Guide to Beneficial Owner under Singapore AML regulations

Guide to Beneficial Owner under Singapore AML regulations

Several terms and jargon are used when discussing anti-money laundering laws and the various compliance requirements. One of them is identifying the beneficial owners (‘BO’). Let us discuss the beneficial ownership from an AML compliance perspective under Singapore’s AML regulations. 

Cases of financial crimes involving money laundering and terrorist financing are increasing daily. Also, criminals are misusing the advancement in technology to evade government scrutiny. So, it has become more pertinent than ever to identify the beneficial ownership of customers and other stakeholders to get a clear picture of the identity of all the people and entities involved in the business relationship. 

Who is a Beneficial Owner?

A beneficial owner can be described as a person who is the owner of a business or a person who controls it. Knowing the legal entity and the person who manages the company is likely to get the maximum benefit from the transaction with the business organization. It will help correctly assess the customer-specific risk of associating with the business and the management of the same. Knowing the BO will allow the company to effectively carry out the KYC process and comply with the AML laws by knowing the person identity who will benefit most from the business relationship. 

Guide to Beneficial Owner under Singapore AML regulations

As per the FATF, the beneficial owner is the person who ultimately owns or controls the business or a person on whose behalf transactions are carried out. The FATF also says that the BO includes people with ultimate effective control over a legal person or arrangement. 

As per the Singapore AML regulations, the Beneficial Owner is defined as a 

  • natural person, who directly or indirectly owns or controls a company,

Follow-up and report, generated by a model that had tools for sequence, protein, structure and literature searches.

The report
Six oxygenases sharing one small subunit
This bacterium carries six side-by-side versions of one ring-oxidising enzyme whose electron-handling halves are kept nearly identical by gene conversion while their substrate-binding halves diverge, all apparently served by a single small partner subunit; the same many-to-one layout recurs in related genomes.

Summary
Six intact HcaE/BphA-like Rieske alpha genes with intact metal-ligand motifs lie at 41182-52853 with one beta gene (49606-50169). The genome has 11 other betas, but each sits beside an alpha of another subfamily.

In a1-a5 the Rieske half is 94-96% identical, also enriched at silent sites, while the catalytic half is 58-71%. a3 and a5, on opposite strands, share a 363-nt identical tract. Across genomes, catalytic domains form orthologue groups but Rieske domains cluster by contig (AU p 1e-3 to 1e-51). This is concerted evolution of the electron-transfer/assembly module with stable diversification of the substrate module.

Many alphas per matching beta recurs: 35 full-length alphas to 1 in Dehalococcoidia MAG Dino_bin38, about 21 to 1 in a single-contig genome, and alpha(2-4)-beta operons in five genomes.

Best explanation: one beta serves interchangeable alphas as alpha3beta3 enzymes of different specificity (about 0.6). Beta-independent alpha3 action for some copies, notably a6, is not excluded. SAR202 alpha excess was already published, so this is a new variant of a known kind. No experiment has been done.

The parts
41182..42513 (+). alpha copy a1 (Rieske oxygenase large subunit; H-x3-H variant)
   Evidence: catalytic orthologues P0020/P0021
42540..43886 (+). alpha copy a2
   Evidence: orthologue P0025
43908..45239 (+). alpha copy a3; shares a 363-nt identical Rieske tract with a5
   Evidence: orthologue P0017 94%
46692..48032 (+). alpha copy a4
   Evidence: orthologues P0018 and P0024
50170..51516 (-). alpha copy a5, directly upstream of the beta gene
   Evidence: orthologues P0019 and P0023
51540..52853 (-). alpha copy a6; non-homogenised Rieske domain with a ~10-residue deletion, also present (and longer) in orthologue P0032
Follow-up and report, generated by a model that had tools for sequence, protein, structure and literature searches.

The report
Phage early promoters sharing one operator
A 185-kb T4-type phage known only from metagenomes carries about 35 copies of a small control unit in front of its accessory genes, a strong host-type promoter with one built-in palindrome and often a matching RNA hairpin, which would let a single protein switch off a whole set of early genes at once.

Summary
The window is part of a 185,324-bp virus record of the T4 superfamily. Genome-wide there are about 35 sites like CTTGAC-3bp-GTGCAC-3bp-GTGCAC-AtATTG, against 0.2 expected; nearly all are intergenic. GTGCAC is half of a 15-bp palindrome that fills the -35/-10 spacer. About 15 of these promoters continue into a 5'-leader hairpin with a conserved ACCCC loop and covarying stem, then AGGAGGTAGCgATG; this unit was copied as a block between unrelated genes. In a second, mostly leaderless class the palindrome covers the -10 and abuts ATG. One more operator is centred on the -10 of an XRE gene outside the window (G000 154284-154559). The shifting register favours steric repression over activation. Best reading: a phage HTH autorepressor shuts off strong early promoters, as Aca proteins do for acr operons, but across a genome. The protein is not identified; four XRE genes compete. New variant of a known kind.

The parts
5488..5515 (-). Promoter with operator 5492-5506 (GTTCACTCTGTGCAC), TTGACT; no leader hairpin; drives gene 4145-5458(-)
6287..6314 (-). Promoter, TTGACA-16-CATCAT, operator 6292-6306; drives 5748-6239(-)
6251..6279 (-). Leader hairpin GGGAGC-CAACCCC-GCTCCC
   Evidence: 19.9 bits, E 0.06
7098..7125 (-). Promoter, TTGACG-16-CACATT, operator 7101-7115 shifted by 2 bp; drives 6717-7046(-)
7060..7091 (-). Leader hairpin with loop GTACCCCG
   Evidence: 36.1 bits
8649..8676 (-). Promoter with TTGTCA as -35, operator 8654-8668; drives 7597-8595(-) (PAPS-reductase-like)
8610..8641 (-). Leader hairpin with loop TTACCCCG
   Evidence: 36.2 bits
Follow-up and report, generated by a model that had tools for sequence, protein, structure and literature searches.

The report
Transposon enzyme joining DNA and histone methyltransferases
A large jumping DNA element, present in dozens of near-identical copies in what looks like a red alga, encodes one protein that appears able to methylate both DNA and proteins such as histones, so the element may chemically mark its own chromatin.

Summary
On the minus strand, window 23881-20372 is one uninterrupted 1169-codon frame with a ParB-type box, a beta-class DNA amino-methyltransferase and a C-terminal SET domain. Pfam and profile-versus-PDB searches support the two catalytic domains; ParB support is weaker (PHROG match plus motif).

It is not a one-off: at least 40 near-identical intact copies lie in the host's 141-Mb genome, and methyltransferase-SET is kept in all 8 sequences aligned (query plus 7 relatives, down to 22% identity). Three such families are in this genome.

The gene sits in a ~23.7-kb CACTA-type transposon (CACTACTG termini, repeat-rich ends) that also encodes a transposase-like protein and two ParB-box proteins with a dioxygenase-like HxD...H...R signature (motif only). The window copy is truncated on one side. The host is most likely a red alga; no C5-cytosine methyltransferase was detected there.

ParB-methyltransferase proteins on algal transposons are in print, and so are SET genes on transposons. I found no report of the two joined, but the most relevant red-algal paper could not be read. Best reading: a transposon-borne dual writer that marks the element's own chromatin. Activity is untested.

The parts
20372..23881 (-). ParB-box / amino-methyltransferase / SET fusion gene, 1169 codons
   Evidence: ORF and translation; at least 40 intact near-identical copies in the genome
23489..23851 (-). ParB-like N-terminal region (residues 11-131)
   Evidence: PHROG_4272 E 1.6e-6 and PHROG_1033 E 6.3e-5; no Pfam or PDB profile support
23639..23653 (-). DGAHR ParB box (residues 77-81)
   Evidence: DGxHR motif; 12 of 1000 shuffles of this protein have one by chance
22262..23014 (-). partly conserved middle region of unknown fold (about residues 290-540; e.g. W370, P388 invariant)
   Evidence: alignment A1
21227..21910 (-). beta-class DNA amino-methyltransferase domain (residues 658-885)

• Individuals who own at least 25% share or voting rights in a company, 
  • Individuals who exercise control over the management of the company. 

Beneficial Owners and the KYC processes

KYC refers to Know Your Customer, a primary legal requirement that financial institutions and DNFPBs must adopt, followed by the performance of the Customer Due Diligence process. The basic rule here is to collect the customer information to identify and verify the customer’s identity. It helps in risk assessment. The main objective is that the individual or the entity with whom the institution will establish a business relationship is legit and the activities are not illegal. 

KYC and BO identification are critical for legal and natural persons (as one person would be working on behalf of another person without a legal arrangement). An individual likely classified as BO is subjected to the KYC process. Their identification details should be obtained and verified. This verification should be continued until a natural person who owns or controls that legal person is identified.  

Regulations in Singapore – AML as well as BO

It is known that governments worldwide have first implemented the AML rules, while the regulations regarding identifying the BO were introduced subsequently (mostly in recent times). 

The AML laws provide BO identification as part of Know Your Customer measures. The objective of BO identification under the AML laws is to make business transactions more transparent and discourage criminals’ use of legal structures for carrying out money laundering and terrorism financing activities.  

Processes that need to be followed for BO identification